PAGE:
• People often tell you the boring part first. Sometimes they think it is exciting or think it’s what they are supposed to tell a reporter. Dig deeper. If you are bored, your audience will be bored.
  • Everyone has a story, but it’s not always that interesting or something you can adapt. If you don’t have a story, find someone else.

Go Online, Go Offline
In a digital age, the easiest place to look for story ideas is online. And there are many interactive ways to hunt down contacts and leads. Searching websites, existing news articles, databases, archives, records, blogs, social networks, Facebook groups, online forums, and listserves are all great places to begin.

As a reporter, you should be using all of them to find tips, background, events, sources, experts, and various points of view.

However, with multimedia reporting, it is impossible to do all of your reporting using the Internet, phone and email. To get the multimedia elements you need (photos, audio, video, etc) you must go offline. You must go somewhere where something is happening and meet people and talk to people in person.

“I think many of the best stories come from wandering around a city and wondering what the hell is going on,” says NPR business reporter Adam Davidson.

Immerse Yourself in Multimedia Journalism
If you want to be a painter, you study other painters. You take art classes, listen to lectures on art history, look at books of paintings, go to museums, and study techniques. If you want to be a multimedia journalist, you need to spend time exploring the masters of the craft.

Here are some places to begin:
Innovative Interactivity
Interactive Narratives
Multimedia Shooter
NYTimes.com multimedia
LATimes.com photography and multimedia
Duck Rabbit
Media Storm

Think Like a Multimedia Reporter
Multimedia journalism uses various media elements – text, photos, audio, video, and graphics – to tell a compelling news story. Which elements you select depends on the story itself. And it depends on the platform that is used to deliver the story to the audience.

The key is to embrace the freedom to use various tools and to understand how to take advantage of the unique qualities of each tool to tell the story in the most compelling way.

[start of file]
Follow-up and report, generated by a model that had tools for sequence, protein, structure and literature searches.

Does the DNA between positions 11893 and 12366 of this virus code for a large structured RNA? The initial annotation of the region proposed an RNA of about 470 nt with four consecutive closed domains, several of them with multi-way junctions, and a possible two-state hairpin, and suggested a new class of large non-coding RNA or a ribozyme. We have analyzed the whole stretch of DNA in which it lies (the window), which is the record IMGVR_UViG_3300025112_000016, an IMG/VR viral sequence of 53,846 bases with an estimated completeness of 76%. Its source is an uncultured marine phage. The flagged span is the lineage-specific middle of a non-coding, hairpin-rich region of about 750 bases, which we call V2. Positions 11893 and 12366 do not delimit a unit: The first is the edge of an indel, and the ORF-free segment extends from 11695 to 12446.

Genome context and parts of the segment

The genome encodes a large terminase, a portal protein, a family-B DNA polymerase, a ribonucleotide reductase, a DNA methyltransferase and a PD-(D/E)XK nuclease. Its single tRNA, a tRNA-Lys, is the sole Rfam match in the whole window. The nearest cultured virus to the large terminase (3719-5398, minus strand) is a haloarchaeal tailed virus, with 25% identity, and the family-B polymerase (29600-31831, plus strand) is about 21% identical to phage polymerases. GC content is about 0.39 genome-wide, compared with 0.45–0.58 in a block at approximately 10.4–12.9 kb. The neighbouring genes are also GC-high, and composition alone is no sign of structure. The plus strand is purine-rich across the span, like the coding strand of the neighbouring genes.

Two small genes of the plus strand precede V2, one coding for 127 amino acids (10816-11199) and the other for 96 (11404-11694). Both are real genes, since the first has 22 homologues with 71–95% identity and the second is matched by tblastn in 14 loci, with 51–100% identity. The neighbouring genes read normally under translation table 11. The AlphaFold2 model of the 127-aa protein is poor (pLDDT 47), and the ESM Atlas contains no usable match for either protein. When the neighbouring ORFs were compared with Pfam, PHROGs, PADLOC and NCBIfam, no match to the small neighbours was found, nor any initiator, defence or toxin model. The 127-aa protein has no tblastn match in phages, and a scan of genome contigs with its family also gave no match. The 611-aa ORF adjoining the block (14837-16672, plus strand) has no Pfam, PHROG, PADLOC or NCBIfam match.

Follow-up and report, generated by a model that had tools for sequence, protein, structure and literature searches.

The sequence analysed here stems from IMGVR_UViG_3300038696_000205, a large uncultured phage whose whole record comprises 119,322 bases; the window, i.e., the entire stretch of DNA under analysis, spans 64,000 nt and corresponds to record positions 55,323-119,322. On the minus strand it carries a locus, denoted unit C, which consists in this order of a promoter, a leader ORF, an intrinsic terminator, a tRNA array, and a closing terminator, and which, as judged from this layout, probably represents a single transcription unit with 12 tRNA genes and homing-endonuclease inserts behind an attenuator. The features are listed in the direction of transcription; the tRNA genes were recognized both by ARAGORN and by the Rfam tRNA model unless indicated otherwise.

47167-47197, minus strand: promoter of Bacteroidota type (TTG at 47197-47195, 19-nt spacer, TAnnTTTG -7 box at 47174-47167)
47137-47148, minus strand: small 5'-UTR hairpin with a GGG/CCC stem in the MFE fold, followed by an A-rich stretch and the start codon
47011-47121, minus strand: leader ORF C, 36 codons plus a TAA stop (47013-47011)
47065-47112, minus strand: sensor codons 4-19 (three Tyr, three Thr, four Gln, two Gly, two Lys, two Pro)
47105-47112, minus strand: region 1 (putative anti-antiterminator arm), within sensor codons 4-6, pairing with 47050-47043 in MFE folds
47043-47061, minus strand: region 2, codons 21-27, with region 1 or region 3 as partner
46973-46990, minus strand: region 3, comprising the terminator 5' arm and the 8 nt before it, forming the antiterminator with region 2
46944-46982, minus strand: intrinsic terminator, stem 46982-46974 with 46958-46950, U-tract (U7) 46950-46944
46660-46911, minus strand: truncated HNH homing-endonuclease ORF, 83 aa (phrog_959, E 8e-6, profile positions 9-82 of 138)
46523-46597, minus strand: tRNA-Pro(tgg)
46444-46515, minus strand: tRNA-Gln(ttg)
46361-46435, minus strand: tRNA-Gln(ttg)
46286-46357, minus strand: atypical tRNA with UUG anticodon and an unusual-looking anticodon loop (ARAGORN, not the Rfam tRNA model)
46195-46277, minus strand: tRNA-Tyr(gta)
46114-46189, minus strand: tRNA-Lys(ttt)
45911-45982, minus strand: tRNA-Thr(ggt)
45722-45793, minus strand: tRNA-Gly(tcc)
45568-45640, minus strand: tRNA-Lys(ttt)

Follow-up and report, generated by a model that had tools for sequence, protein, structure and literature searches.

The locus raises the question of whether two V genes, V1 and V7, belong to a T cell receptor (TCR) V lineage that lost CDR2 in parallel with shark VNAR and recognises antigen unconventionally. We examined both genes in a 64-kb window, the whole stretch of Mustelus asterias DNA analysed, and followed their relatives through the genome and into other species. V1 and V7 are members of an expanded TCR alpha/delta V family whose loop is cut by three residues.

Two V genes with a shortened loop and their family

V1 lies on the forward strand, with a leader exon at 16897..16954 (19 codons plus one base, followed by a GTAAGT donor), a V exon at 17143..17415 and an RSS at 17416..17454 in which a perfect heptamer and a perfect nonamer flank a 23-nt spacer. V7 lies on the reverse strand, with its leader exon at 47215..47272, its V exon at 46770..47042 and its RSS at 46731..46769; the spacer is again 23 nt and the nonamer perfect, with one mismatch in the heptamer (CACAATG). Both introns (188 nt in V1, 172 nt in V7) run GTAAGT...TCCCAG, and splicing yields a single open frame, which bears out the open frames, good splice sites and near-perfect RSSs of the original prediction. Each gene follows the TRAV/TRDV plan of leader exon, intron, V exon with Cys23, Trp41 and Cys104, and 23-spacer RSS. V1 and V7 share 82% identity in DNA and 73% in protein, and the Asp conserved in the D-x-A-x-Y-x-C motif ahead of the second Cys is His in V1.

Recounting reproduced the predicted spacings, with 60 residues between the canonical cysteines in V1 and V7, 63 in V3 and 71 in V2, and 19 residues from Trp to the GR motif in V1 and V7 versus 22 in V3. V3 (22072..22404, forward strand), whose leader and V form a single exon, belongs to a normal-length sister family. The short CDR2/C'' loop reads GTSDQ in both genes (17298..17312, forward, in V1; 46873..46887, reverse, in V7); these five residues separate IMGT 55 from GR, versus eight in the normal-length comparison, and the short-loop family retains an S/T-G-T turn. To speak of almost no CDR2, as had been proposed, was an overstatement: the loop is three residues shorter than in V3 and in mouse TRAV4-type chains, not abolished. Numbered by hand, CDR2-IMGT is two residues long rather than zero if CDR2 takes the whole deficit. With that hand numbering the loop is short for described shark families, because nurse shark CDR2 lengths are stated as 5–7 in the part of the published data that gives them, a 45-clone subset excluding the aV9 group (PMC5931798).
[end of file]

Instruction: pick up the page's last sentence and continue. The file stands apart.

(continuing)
Think about which media elements might be best for your story. Each element has its own unique qualities and limits. (We will study each of these more in-depth over the course of the semester.)

Text
•    The entry point into any story through a headline.
•    Used to convey information, facts, history, and analysis.
•    Readers go at their own pace and choose what to read and when to stop.
•    Embedding hyperlinks into text allows the reader to navigate to additional resources on the web.

Photographs
•    Capture the visual aspects of a story.
•    Audience can instantly identify people, places, and events.
•    Capture a particular moment.
•    Convey the emotion and mood of story.
•    Illustrate a sequence or series of actions.

Audio
•    People telling stories about what has already happened in the past.
•    Taps into the power of the human voice – accents, intonation, emotion, etc.
•    Allows people to tell their own stories in their own words.
•    By itself, audio allows the audience to visualize elements of the story for themselves which engages the imagination.
•    Used alongside photos and video, audio complements the visuals.

Video
•    Capturing action or something as it happens in the present.
•    Combines qualities and visuals and audio.

Graphics
•    Useful for distilling, illustrating and conveying complex information in a visual manner
•    Can take multiple forms – maps, timelines, charts, graphs, etc.
•    Can be animated which allows audience to actively interact and manipulate.

Planning Your Reporting